JBN.S: – Many aspiring musicians are always looking for advice when navigating thru the music business. Is there any piece of advice you can offer to aspiring students or even your peers that you believe will help them succeed and stay positive in this business?

BA: – It’s hard to give general advice, because everyone travels a different road. But, as an artist you have to be in it for the long haul. Everyone has ups and downs but it’s important to keep looking forward, to keep challenging yourself.

JBN.S: – Аnd furthermore, can jazz be a business today or someday?

BA: – Yes, sure it can. The good news is that people love listening to music and people love making music. But, we need to continue to finds ways to build and maintain a sustainable eco-system for music — where creators, producers and consumers all benefit. Technology is a double-edged sword. It cuts both ways. It has made things better and it has made things worse.

JBN.S: – How can we get young people interested in jazz when most of the standard tunes are half a century old?

BA: – In a lot of ways, jazz is still music of defiance. It’s not pop music, but it has its audience, at least in New York. What jazz lacks is strong youth culture. When I see younger people in the audience, they’re often jazz musicians themselves. Music is about more than notes, it’s also about community and values. The best jazz celebrates individualism, takes risks, and is deeply personal. I think these are ideas that younger people can relate to. But it’s ultimately up to the next wave of jazz musicians to make the music relevant to their generation.

JBN.S: – John Coltrane said that music was his spirit. How do you understand the spirit and the meaning of life?

BA: – I don’t think the universe has any inherent meaning. It’s up to us to create our own meaning. That’s not a bad thing. Nor, does it diminish life. In fact, I’m amazed and awed by the beauty of the natural world. I’m also awed by the music of great artists like John Coltrane. His music is a triumph of human intelligence, passion and creativity.  It fills me up, even as it reminds me of what we all have in common. As far as we know, the human brain is the most complex system in the universe. And music is one of its most glorious products.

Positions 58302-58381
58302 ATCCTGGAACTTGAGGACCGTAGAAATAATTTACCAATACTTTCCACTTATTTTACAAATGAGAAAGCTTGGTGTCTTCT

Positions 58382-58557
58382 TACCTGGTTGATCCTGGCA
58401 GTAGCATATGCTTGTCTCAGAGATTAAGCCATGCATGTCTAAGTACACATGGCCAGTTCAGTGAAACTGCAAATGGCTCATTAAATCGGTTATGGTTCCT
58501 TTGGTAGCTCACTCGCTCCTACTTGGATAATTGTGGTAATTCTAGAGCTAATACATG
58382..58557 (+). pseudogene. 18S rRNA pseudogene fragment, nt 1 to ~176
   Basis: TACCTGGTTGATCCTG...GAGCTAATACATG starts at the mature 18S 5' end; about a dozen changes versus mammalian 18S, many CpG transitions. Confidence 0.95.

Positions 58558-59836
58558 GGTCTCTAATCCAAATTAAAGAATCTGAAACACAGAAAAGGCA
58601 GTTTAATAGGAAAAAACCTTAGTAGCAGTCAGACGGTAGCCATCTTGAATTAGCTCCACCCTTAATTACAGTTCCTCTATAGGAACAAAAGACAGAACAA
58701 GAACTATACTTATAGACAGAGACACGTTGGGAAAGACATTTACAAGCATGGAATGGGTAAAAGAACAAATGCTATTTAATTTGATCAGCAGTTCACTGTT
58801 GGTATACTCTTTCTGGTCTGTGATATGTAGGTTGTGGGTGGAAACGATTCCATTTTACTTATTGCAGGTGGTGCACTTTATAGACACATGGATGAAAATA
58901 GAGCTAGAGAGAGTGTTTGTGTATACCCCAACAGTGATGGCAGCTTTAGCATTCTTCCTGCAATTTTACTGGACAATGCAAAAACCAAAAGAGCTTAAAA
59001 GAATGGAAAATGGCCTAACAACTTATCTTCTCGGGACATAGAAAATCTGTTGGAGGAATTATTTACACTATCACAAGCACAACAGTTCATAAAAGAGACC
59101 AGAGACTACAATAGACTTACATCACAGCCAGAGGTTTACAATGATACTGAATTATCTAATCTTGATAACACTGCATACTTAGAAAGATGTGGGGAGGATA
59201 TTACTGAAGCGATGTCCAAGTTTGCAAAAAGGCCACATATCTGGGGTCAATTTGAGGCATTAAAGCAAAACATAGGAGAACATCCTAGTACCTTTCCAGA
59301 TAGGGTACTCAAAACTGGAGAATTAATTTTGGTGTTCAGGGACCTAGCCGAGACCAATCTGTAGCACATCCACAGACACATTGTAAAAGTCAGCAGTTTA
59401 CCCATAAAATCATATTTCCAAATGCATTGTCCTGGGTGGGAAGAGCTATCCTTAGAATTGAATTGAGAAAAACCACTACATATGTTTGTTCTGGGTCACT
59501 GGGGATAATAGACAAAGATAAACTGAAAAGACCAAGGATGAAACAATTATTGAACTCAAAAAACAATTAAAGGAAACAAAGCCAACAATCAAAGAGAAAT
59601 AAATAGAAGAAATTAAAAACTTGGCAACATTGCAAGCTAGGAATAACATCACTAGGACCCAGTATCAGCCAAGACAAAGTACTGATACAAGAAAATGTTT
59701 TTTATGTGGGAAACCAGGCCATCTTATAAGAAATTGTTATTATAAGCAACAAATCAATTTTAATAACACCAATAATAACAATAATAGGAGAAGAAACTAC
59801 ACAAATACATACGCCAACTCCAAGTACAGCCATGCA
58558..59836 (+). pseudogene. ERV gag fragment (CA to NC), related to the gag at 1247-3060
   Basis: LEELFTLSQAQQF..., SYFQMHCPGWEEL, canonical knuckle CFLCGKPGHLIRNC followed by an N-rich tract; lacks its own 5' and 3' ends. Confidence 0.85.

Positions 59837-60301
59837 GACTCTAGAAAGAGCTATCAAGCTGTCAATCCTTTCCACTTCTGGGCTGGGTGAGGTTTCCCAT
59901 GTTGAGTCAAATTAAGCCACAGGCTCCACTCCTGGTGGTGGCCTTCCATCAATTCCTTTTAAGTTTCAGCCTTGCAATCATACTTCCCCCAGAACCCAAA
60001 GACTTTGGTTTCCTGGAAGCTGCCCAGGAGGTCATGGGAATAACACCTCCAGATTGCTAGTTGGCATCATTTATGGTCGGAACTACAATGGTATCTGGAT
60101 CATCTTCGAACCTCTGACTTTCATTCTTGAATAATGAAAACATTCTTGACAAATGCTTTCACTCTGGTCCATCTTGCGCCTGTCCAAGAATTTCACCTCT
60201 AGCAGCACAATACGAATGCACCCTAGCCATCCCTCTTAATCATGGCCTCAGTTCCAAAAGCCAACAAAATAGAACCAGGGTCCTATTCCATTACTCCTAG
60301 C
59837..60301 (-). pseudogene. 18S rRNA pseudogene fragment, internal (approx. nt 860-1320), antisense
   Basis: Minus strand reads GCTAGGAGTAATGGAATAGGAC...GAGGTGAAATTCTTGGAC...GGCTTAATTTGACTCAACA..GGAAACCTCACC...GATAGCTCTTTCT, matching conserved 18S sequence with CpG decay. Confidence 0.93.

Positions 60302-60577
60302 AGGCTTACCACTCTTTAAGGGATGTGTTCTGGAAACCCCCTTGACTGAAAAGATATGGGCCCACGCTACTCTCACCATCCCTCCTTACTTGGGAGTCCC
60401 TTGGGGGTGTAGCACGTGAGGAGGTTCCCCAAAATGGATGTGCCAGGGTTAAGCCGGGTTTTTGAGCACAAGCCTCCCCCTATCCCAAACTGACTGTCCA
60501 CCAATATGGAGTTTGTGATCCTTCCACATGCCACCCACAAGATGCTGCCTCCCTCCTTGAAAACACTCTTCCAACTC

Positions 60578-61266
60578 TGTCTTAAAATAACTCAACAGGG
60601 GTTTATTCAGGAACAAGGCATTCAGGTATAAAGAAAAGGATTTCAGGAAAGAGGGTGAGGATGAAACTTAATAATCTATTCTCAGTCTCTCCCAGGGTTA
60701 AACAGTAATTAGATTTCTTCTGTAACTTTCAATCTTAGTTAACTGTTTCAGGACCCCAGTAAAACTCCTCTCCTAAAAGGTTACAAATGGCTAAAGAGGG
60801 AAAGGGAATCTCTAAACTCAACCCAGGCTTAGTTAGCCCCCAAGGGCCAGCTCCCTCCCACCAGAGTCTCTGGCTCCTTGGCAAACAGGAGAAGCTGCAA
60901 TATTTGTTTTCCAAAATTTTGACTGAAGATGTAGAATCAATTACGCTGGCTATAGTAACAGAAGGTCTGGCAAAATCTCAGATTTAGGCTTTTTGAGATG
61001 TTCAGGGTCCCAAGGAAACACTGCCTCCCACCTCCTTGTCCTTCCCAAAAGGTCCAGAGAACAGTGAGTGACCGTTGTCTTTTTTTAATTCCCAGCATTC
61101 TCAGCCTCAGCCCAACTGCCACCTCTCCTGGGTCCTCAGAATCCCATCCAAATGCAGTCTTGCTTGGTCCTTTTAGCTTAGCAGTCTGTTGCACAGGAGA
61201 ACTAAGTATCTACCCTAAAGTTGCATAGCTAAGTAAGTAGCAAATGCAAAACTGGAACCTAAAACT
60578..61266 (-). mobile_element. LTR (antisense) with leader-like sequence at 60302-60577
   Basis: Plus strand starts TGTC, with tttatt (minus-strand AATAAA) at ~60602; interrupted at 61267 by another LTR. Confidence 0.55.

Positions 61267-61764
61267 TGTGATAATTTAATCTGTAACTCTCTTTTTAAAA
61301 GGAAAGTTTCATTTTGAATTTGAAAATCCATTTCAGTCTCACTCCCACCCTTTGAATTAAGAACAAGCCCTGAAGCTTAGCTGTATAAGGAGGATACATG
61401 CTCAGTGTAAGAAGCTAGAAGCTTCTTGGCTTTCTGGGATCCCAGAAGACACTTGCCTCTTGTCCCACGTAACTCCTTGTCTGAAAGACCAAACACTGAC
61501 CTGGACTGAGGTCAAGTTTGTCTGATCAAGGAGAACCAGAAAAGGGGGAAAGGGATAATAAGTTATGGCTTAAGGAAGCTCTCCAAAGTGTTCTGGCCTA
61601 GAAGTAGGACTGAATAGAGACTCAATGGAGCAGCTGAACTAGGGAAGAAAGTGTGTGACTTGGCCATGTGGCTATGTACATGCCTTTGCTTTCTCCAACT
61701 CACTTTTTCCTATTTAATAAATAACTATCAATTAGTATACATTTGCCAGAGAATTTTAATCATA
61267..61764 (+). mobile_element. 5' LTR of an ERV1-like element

JBN.S: – What are your expectations of the future? What brings you fear or anxiety?

BA: – I fear stagnation. I fear being stuck in a rut. I fear the top of the bell curve. But I also know that fear is the creativity killer. I’m an optimist, basically.

JBN.S: – What’s the next musical frontier for you?

BA: – I just joined the BMI Composers Workshop and am working on some arrangements of my music for big band. I’m learning a lot and enjoying the process. In April, 2018 all of my albums for Palmetto Records (ten , in all) revert to me. So, I’m thinking about how best to re-release them.  Any ideas?

Also, I would love to come back to Yerevan. Did you know that I performed there in the 1990s with the singer Datevik Havanesian? It was a tour put together by the producer George Avakian.  We had a great time. Beautiful city and people.

JBN.S: – Are there any similarities between jazz and world music, including folk music?

BA: – Jazz is world music, now.

JBN.S: – Who do you find yourself listening to these days?

BA: – Like most musicians I know, I like a very wide variety of music. I just got hip to pianist/composer Matt Mitchell and have been listening to his music. Also, Kamasi Washington. And, I pulled an old record off my shelf last week that I haven’t listened to in a while — Batacumbele, Con un Poco de Songo. Amazing.  I want to learn more about Flamenco music.

JBN.S: – What’s your current setup?

BA: – My bass was made by Abraham Prescott in Concord, New Hampshire in 1840. I use Velvet Anima G and D strings, and Spirocores for A and E. I like the Audio Technica Pro 35 condenser mic. Most of my amps are by Aguilar. I also love my 1965 Ampeg B15, especially with my 1980 Precision.

Interview by Simon Sargsyan